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DISORDERS USUALLY FIRST DIAGNOSED IN INFANCY,CHILDHOOD, OR ADOLESCENCE.

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Presentation on theme: "DISORDERS USUALLY FIRST DIAGNOSED IN INFANCY,CHILDHOOD, OR ADOLESCENCE."— Presentation transcript:

1 DISORDERS USUALLY FIRST DIAGNOSED IN INFANCY,CHILDHOOD, OR ADOLESCENCE

2 Important Facts Category of convenience –– no intent of clear distinction between “adult’/“childhood” disorders Primarily diagnosed in regard to age –not phenomenology Usually identified by others Children regarded as more malleable than adults –thus more amenable to treatment Differential Diagnosis –diagnosis which nearly fits symptoms but must be ruled out Necessary information = Knowledge of normal life-span development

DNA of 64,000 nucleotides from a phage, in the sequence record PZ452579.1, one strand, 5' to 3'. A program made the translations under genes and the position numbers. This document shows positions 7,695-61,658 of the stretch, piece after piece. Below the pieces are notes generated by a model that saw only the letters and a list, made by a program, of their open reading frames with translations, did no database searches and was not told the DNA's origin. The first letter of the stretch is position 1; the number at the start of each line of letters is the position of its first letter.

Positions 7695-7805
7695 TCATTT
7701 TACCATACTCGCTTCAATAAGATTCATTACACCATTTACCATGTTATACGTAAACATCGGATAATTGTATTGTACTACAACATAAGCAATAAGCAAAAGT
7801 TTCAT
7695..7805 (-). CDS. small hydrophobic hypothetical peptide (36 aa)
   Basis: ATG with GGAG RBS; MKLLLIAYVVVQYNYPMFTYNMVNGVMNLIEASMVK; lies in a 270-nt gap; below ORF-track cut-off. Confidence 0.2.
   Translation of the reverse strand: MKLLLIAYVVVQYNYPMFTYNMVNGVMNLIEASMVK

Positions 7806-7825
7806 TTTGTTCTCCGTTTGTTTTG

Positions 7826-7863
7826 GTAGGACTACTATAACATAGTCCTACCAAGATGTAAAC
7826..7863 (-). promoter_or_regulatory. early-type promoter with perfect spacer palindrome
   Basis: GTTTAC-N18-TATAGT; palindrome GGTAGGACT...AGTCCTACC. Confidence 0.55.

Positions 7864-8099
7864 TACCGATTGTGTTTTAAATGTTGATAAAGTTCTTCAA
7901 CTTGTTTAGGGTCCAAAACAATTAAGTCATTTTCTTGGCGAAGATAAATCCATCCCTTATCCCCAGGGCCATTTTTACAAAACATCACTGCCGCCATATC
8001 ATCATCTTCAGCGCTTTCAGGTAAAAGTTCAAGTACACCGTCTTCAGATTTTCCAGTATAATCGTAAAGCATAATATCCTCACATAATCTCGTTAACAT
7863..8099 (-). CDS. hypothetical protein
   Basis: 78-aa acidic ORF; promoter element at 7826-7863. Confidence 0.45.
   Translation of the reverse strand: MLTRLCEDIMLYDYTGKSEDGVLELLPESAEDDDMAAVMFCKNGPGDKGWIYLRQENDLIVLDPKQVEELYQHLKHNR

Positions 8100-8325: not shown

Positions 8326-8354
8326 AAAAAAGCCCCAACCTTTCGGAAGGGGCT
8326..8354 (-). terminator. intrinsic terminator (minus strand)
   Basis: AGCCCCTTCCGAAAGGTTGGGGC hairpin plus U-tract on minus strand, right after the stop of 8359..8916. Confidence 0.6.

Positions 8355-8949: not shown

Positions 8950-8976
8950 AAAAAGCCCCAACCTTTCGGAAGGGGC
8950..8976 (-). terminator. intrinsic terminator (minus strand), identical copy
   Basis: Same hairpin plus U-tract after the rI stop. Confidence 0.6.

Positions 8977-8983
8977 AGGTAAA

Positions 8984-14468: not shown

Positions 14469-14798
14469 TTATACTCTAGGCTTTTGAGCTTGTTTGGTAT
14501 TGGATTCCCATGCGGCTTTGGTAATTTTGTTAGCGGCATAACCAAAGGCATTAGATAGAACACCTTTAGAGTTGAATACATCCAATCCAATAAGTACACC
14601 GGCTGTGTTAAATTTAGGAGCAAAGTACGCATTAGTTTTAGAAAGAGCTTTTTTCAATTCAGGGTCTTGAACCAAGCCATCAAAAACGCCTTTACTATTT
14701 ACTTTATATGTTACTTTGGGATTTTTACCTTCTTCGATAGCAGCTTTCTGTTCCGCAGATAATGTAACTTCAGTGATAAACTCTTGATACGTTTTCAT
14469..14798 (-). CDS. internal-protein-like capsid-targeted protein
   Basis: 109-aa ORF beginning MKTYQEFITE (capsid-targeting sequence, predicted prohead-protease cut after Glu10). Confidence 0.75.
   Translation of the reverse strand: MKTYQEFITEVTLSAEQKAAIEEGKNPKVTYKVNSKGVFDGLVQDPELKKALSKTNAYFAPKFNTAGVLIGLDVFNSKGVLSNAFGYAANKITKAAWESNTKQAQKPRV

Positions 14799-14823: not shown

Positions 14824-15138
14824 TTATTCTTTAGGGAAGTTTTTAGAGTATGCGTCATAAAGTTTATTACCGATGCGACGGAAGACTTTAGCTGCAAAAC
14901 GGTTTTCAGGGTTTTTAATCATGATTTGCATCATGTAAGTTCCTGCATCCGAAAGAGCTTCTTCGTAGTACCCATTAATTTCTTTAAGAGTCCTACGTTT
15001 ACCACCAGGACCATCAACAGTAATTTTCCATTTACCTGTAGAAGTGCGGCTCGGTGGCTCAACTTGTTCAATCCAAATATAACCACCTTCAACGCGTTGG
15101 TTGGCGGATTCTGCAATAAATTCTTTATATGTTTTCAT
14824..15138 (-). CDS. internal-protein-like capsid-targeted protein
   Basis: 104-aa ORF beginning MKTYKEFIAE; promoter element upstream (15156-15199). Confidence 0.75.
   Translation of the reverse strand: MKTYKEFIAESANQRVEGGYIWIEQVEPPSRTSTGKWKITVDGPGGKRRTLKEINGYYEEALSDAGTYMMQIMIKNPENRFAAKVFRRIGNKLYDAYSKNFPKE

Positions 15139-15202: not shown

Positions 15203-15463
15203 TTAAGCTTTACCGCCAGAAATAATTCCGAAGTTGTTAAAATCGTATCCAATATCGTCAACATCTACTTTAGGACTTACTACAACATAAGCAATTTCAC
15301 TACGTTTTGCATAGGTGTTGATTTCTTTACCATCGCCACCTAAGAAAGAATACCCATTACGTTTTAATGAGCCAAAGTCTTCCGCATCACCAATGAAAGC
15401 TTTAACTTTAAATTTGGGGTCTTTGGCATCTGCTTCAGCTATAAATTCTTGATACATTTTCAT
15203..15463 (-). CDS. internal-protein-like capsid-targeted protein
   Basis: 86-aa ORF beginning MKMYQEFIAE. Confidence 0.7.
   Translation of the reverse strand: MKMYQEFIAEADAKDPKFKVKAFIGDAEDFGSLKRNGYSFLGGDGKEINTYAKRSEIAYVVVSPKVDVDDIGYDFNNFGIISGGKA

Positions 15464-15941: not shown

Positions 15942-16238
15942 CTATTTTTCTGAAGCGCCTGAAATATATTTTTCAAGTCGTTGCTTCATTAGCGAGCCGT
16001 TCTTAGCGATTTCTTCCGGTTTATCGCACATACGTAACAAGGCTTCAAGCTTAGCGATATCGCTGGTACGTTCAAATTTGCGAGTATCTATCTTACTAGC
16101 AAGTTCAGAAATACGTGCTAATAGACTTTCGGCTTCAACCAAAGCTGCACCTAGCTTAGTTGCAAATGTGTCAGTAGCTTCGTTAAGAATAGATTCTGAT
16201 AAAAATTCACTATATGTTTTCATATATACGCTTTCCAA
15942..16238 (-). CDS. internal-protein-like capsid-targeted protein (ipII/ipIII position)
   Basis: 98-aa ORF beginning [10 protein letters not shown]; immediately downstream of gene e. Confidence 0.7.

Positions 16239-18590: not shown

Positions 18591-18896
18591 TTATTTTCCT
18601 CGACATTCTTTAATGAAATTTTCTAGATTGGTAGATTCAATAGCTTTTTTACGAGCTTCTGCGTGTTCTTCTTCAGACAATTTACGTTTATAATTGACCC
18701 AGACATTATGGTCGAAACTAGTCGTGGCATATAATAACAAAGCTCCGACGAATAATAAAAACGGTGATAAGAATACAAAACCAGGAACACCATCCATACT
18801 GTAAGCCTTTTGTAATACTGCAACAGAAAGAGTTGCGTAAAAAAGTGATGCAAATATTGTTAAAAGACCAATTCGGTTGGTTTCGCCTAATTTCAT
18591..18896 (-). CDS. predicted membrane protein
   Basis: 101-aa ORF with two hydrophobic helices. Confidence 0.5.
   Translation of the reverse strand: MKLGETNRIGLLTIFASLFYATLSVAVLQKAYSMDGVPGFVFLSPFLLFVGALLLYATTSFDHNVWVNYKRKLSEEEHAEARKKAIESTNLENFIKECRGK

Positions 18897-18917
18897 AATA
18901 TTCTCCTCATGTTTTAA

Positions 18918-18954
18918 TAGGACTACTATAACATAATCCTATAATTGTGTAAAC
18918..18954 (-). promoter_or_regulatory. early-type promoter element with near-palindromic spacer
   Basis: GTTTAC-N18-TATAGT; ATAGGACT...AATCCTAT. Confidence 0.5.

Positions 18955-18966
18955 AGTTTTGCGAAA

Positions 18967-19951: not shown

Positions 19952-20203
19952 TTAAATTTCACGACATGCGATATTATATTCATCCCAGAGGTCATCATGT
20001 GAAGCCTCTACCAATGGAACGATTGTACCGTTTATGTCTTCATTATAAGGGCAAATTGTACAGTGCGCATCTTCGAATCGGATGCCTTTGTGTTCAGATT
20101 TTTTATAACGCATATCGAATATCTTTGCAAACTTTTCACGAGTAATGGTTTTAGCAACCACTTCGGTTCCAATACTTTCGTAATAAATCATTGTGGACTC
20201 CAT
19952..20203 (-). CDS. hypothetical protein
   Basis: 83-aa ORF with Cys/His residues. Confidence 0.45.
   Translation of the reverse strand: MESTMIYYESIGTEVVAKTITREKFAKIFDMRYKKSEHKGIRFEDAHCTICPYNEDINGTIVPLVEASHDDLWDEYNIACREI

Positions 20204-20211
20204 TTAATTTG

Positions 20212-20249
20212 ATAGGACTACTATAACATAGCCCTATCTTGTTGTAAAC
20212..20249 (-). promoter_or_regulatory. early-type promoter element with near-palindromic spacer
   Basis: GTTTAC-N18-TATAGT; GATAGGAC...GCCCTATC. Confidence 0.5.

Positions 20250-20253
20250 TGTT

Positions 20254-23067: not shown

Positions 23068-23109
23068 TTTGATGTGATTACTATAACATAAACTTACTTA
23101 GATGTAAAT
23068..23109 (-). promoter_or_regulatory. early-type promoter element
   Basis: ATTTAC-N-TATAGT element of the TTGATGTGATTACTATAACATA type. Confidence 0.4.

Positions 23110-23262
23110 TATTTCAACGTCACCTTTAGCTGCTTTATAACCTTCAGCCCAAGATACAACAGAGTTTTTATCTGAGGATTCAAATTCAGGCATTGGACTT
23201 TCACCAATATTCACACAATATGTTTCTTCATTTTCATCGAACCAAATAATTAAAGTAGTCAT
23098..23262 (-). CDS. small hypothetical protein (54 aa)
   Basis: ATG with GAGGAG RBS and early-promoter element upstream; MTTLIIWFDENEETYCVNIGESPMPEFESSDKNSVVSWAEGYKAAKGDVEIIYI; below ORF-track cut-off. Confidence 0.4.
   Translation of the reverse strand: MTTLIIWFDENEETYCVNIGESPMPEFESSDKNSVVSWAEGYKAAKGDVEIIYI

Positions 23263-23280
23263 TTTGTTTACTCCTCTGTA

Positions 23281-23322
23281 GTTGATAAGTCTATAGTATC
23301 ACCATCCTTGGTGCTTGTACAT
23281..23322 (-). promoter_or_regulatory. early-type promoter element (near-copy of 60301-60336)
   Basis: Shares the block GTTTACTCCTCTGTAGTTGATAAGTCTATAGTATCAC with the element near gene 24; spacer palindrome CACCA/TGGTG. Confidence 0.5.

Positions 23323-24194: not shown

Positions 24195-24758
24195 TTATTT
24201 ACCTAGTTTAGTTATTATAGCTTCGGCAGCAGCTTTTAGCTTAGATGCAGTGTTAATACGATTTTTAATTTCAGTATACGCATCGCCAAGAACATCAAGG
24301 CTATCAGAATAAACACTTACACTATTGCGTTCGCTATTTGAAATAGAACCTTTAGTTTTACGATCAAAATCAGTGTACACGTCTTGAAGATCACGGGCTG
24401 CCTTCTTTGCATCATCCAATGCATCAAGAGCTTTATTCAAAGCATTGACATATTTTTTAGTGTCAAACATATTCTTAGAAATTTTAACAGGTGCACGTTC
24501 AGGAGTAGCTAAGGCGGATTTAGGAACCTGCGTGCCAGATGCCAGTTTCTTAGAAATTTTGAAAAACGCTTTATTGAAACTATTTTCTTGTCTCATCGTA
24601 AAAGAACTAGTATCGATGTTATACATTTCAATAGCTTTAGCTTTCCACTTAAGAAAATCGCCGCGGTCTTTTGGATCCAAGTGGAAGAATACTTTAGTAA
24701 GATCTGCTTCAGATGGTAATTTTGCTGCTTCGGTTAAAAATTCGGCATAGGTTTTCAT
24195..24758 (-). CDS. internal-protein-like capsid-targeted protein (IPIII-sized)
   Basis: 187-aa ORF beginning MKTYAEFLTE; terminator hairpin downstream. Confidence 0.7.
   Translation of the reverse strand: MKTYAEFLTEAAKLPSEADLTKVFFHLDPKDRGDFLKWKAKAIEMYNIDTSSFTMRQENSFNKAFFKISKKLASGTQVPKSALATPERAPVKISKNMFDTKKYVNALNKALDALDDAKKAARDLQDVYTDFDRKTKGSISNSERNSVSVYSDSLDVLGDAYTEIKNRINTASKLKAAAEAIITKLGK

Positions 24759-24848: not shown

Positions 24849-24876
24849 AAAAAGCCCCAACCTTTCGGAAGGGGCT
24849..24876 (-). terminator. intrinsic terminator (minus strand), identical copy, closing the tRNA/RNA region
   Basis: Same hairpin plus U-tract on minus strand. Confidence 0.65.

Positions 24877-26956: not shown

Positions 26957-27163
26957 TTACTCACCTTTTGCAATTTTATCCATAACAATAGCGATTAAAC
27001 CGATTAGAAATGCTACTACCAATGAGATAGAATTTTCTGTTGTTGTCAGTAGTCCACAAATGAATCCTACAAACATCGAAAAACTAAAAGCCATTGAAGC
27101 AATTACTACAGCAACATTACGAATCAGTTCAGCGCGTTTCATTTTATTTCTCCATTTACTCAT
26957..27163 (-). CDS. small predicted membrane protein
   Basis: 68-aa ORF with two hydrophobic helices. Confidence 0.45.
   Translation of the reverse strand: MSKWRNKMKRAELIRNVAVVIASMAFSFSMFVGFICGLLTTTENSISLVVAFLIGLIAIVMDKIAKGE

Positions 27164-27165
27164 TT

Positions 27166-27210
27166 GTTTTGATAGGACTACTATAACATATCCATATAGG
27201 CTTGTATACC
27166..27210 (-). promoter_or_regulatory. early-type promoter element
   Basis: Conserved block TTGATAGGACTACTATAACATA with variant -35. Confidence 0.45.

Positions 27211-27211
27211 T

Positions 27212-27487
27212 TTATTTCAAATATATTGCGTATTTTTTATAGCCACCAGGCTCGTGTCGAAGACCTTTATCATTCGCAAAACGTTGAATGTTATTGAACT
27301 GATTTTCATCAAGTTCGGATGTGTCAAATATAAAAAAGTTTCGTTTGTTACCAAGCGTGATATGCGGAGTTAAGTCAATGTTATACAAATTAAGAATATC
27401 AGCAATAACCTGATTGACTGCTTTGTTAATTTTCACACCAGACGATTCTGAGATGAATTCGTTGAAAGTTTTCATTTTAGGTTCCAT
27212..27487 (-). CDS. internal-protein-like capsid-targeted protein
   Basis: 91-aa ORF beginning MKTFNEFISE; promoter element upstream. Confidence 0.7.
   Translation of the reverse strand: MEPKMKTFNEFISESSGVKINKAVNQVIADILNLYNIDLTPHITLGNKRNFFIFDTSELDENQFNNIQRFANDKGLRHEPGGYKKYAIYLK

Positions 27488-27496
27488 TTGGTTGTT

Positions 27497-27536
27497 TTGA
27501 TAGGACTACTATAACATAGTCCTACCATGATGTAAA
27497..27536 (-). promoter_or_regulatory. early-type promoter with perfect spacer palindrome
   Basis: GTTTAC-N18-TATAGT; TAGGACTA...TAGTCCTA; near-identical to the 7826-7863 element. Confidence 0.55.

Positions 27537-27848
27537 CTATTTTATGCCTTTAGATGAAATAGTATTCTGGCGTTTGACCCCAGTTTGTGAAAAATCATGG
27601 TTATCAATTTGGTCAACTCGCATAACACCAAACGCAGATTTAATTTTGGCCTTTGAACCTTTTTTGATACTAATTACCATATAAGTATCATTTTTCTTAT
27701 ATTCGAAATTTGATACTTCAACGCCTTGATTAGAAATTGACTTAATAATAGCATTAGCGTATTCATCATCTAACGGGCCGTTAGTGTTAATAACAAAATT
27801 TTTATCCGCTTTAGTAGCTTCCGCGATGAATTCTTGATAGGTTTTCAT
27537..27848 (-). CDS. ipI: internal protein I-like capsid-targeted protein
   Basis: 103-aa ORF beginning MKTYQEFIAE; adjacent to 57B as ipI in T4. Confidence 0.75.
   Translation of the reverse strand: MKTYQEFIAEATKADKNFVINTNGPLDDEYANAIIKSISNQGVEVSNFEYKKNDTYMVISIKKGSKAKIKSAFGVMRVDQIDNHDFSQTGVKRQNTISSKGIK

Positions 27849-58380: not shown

3 Making a Diagnosis: 7 Steps Observation of diagnostic clues –Focus on behavior, cognitive ability, verbal responses, etc. Screen the problem –Consider symptoms/behaviors indicating or excluding a specific diagnosis Follow-up of preliminary impressions –Testing or ruling out “your” diagnostic assumptions Confirmatory history –Gather pertinent information Complete data base –Specific info relevant to diagnosis under consideration Diagnosis –All information, including DD Prognosis –Consider individual’s response to & motivation for treatment

4 Clinical Info Necessary for Diagnosis of Disorders First Evidenced in Children & Adolescents Times of developmental milestones Capacity to communicate with other people Language impairment Capacity for human relationships Quality of social interaction Abnormal motor movements Hyperactivity, inattention, or poor impulse Abnormal behaviors (e.g., fire setting, cruelty to animals) Enuresis or encopresis